Phil Hughes


There is little I can say which will adequately convey the brutal sense of shock and sadness we all share this morning.

A young man, only twenty five years old, went off to play a cricket match and never returned.

Greg and Virginia Hughes could never have seriously imagined that when their son went out to bat at the SCG, he was putting his life on the line.

Their loss is inexpressible.

For us, at this remove, perhaps the over-riding feeling is disbelief. How can something like this happen in 2014? No one died during Bodyline.

This tragedy will change so many people’s lives. For Michael Clarke, Darren Lehmann and the rest of the Australian squad, and for the South Australia and New South Wales teams, cricket will never be quite the same again. There will forever be an empty seat in their dressing room.

Our sympathies must emphatically extend to Sean Abbott. It is impossible to imagine what he must now be going through.

When someone dies, there is nothing one can say which makes it better. No words will ameliorate. But there is one point worth making.

Cricket is one big club. More than that – we are a family. We may bicker and squabble, but when something like this happens we come together, united by our shared values, experiences, and the bonds our game weaves between us.

On the field of play, England and Australia are bitter foes and rivals. Scratch the surface, though, and we are blood.

Many people will say that these events will put so many things in true perspective. Cricket should not be a matter of life and death. It’s much less important than that.


  • As you say there is nothing we can say that will help in any way but the reaction from all over the cricketing world shows just how supportive it can be. I spoke to my daughter who lives in Sydney and she told me that the Abbott is being give so much support by everyone but I honestly do not know how he can get over this and play cricket again

  • Thank you for these words.
    While I’m sure all cricket fans are shocked at this terrible news I’m sure I’m not the only Australian fan that shed a few tears this morning thinking about the awful waste and the devastation that all the families and players must be going through.

  • Beautifully put. The first thing that popped into my mind this morning as I heard the news was also that Shankly quote. Of course he never intended it to be taken as seriously as it consequently was, but that is beside the point. Sport is a force for good more often than not, but it is entirely insignificant when one thinks of what Hughes’ parents and Sister are going through right now. it is utterly meaningless when one thinks of how Abbott must be feeling, of the weight he will have to carry around with him for the rest of his life because of a one in a million accident. I hope he can bowl again as I hope that Phil Hughes’ family will be able to, one day, watch the game their son loved so much again. At the very least it would mean that they will have been able to find a way through this awful and truly tragic time.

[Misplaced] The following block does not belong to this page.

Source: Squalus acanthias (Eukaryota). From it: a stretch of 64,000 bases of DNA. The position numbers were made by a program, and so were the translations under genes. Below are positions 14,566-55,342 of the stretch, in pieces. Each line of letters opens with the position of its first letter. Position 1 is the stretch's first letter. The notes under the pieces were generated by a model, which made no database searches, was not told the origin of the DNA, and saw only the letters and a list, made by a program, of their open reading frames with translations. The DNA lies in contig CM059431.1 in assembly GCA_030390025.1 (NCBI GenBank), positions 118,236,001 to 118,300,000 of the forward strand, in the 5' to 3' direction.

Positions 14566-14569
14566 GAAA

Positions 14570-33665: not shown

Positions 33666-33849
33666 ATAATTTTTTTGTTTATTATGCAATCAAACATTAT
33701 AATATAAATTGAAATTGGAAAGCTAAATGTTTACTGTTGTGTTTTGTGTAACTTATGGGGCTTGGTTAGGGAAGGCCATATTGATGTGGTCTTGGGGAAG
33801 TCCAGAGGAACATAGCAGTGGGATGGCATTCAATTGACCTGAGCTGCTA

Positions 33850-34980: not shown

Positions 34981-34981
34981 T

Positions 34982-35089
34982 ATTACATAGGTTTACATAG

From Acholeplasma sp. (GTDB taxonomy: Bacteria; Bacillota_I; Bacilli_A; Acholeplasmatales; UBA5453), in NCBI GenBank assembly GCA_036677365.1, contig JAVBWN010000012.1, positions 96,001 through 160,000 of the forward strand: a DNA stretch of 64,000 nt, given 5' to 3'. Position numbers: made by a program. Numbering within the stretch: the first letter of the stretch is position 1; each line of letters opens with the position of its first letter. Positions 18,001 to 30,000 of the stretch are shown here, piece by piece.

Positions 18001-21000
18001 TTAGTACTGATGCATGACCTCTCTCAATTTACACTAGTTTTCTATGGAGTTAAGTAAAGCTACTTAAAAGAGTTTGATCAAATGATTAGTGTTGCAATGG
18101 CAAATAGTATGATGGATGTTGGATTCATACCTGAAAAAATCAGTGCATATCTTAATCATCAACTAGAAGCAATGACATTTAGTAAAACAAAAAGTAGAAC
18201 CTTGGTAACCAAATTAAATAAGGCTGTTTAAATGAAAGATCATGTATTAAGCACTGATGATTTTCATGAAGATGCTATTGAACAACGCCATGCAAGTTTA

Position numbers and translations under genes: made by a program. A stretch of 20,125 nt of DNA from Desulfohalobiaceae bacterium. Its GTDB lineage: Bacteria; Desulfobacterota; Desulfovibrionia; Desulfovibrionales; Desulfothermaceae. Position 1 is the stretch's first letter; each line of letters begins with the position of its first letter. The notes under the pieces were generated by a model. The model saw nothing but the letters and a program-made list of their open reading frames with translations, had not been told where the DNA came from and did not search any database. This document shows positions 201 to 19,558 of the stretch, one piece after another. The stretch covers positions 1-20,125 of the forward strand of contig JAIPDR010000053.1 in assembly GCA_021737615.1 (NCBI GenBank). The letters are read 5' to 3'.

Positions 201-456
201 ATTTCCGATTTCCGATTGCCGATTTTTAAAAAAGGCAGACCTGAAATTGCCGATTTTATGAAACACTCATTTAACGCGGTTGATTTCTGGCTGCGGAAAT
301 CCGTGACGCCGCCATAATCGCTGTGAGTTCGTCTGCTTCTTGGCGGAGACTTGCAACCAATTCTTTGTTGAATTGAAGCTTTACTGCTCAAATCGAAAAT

• I was grumbling to myself early this morning at the thought of starting early for work yet again this week – and then I heard of Phil’ s tragic death – At least I can come home to my family this evening. Phil cannot anymore – RIP mate!

  • What a tragedy, such a massive loss to the cricketing community.

    I, like millions around the world, play cricket every weekend because we love the game. We take it for granted as well, but that’s ok because we love cricket, like what its about and how it brings people together.

    We share that emotion and passion with Phil Hughes – however the difference being is that he was playing, not only for his love of the game, but to force his way into the Australian Test team. Who gets to do that? He was at the top of his profession, fighting his way back, knowing a big score would see him replace the injured Michael Clarke – 63 not out, looking good in front of the selectors, then it only took one ball and it was all over.

    I would love to be fighting hard to play cricket for Australia, wear the Baggy Green and do my family proud – he was so lucky he got to do that, he scored twin centuries against South Africa in only his second test match, the youngest to ever do so (he was 20), he scored a double hundred in a ODI, he scored a hundred in his debut ODI – who does that? What a career he had, and tragically, what a career he will never have.